I have had three or four failed attempts, but I’ve finally committed to one of Chuck Wendig’s flash challenges and last Friday’s theme was called “Ten Words Will Give You Five” – a random word challenge, where you had to incorporate five random words into a flash story. My words are undertaker, library, cube, dolphin and satellite. The result is the story “Self-fulfilling Prophecies”, in which I let loose a bit and just have fun with a few Bulgarian dimension jumpers on a job in the Library of Dead Books.
The cube hums and ignites on my palm, casting blue-bladed shadows across the spacious hall. Darkness parts but for a few metres to reveal shelves with their tops worlds above.
“People, you’re welcome to the Library of Dead Books.”
I gauge the small cube with dancing blue lights, a reaction to the Undertaker’s energy. In a few seconds, the blue dies down and this is the clear sign, the Undertaker has retreated to his or her resting place or left on errands. After all, books die every second and someone has to carry their essence.
So far, everything the merman priest explained checks out, though experience has taught me the missions with least hiccups tend to kill people.
“I know we’re being patient and all, but I’d just like to point out that the satellite signal will expire in less than 66 minutes, in which case we’ll be in a blackout for four days before the satellite locates this dimension’s frequency,” Dobrin informs once my greeting gets lost in the echo. To outsiders, he comes off whiny (not really far off mark), but his warnings have become a habit, a good luck charm, rather than nerves. He doesn’t even lose sight of the transmission box’s display.
“Less than thirty seconds, this time,” Maria chirps in and pats him on the shoulder twice. “Whining. Such an attractive trait in a man. Isn’t that right, Violeta?”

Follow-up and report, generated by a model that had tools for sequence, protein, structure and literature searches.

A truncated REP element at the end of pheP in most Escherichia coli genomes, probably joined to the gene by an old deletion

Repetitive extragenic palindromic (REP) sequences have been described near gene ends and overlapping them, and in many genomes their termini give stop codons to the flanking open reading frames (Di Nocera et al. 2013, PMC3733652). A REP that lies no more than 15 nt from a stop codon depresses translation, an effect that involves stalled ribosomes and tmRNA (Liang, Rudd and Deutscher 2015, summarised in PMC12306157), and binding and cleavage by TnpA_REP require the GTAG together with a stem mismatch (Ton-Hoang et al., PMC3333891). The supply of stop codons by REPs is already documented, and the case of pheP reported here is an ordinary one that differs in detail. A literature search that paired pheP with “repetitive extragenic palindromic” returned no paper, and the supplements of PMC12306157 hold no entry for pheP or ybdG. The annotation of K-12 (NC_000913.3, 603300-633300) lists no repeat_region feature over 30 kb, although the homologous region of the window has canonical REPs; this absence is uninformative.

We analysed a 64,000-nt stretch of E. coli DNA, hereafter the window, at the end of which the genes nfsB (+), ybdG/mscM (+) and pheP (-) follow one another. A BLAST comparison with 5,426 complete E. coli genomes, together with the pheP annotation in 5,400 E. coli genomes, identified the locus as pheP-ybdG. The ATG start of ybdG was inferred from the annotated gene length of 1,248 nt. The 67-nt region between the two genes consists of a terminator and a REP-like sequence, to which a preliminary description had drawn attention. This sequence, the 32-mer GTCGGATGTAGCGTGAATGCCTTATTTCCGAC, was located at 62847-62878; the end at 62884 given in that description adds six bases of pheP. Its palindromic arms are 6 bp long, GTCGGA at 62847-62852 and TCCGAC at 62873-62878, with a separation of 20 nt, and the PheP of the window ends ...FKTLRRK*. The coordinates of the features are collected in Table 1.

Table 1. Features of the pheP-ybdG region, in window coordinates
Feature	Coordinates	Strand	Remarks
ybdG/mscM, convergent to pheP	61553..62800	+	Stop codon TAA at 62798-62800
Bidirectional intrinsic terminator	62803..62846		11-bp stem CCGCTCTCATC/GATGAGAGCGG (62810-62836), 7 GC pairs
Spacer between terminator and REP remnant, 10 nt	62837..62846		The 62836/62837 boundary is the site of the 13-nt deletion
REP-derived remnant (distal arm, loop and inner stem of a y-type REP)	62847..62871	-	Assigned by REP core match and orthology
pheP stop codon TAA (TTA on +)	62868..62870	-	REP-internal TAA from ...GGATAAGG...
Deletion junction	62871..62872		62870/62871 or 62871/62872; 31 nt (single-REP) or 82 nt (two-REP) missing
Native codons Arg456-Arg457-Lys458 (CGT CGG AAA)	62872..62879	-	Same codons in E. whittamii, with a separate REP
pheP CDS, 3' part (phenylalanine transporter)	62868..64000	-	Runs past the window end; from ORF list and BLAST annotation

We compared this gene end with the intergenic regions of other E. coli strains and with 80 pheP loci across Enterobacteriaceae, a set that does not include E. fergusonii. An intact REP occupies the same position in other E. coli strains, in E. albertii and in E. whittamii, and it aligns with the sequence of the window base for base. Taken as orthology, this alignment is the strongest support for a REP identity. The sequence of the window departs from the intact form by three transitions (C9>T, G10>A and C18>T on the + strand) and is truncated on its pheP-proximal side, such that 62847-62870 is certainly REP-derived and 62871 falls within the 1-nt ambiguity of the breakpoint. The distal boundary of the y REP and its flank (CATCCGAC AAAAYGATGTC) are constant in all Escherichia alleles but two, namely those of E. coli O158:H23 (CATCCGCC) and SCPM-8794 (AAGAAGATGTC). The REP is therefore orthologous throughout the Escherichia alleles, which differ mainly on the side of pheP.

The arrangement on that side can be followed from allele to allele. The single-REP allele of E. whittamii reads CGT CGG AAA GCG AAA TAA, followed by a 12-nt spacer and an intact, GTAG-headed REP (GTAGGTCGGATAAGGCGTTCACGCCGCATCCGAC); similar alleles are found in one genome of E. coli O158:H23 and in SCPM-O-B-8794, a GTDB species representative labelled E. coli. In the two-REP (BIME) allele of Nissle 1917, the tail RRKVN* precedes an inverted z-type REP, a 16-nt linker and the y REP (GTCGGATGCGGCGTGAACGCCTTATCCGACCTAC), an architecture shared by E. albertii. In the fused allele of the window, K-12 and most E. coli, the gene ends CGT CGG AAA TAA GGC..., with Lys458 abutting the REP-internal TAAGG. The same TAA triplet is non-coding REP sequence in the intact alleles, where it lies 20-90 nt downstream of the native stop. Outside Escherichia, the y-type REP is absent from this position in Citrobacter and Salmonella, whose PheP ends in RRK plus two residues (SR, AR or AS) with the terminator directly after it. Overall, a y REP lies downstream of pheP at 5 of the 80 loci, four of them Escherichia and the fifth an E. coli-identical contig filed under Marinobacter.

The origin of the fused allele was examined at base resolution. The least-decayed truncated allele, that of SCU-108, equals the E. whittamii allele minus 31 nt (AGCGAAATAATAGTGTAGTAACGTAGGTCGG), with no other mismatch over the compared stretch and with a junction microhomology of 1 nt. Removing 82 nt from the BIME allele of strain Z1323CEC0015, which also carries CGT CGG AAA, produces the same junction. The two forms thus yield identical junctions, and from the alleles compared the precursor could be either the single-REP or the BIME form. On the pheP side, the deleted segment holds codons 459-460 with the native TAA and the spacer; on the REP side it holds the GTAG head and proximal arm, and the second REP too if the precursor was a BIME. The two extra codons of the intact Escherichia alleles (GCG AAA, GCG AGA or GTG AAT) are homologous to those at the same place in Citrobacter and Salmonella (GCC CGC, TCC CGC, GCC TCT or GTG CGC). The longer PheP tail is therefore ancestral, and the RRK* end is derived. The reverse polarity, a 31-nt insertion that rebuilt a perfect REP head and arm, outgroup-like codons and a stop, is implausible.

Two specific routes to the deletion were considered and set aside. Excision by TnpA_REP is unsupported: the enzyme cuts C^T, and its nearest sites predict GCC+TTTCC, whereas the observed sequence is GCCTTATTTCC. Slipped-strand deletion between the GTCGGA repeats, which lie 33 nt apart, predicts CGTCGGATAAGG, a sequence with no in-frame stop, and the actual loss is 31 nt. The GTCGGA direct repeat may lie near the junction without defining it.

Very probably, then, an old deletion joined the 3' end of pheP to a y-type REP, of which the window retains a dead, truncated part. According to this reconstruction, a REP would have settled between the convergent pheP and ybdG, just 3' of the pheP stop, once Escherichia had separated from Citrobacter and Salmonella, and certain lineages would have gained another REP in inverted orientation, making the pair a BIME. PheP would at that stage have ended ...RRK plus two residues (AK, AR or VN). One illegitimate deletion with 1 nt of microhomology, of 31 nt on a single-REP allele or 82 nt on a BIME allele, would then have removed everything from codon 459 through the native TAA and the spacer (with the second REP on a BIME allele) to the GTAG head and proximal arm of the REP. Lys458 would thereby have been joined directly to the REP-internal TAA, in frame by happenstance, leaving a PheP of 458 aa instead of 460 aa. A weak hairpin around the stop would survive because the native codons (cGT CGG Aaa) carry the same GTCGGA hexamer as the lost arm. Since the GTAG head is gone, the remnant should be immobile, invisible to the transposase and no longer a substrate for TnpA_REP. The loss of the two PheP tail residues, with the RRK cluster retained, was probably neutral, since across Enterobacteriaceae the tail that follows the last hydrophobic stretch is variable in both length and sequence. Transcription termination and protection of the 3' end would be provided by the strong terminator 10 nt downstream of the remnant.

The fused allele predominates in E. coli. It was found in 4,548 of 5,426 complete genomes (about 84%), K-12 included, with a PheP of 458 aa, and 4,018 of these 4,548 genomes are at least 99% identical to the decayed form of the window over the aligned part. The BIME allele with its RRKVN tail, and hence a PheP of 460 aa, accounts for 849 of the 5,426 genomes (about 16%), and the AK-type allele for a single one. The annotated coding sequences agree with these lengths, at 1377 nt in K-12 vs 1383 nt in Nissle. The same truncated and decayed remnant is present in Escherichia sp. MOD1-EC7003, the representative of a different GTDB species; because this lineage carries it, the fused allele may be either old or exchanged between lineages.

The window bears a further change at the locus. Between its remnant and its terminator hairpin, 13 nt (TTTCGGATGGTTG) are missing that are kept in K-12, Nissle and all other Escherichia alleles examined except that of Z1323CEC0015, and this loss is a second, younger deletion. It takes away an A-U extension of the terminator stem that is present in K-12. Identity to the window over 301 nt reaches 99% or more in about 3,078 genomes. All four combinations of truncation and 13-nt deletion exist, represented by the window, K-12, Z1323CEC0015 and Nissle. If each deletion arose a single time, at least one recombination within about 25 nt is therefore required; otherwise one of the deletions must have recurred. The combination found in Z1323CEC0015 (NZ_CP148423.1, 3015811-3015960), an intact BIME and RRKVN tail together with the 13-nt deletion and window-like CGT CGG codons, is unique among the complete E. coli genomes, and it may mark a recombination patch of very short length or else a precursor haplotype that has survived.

I shrug. I tend to leave my sarcasm on my home dimension. Something look forward to in a mission. Though the payment for this one is so sweet, I allow a smile. A tiny one.
“I like to keep things into perspective.”
Once the blue glow’s reach restricts itself to my palm, I turn on my torch. Let’s hope the Undertaker’s blind and unaware of modern or mystical technology, shall we.
“Maria, activate the tracking device.”
Here’s a standard merfolk tracking device recipe in three easy steps:
1) Find an old dolphin skull, cause they are so cute. (No, not really.)
2) Smear deep-sea shit (let’s just say there’s a distinctive smell involved) on it to coax a green-colored spirit manifestation. I guess dead dolphins are into coprophilia (a very legitimate lifestyle choice for other-dimensionals).
3) Wait until the green light consumes the smeared shit and acquires a dolphin shape.
Oh the joys of owning the patent to an interdimensional transporting satellite! You get to see the darnest things – namely a transparent, hovering dolphin tethered to its former skull.
I snap a picture. My son’s gonna love this.
“To the Mermaid’s Dead Books of Prophecies.” Maria orders and bathed in the green, I can see her belong to the merfolk – pale skin, tousled hair and glassy eyes (I might have to insist she takes a vacation).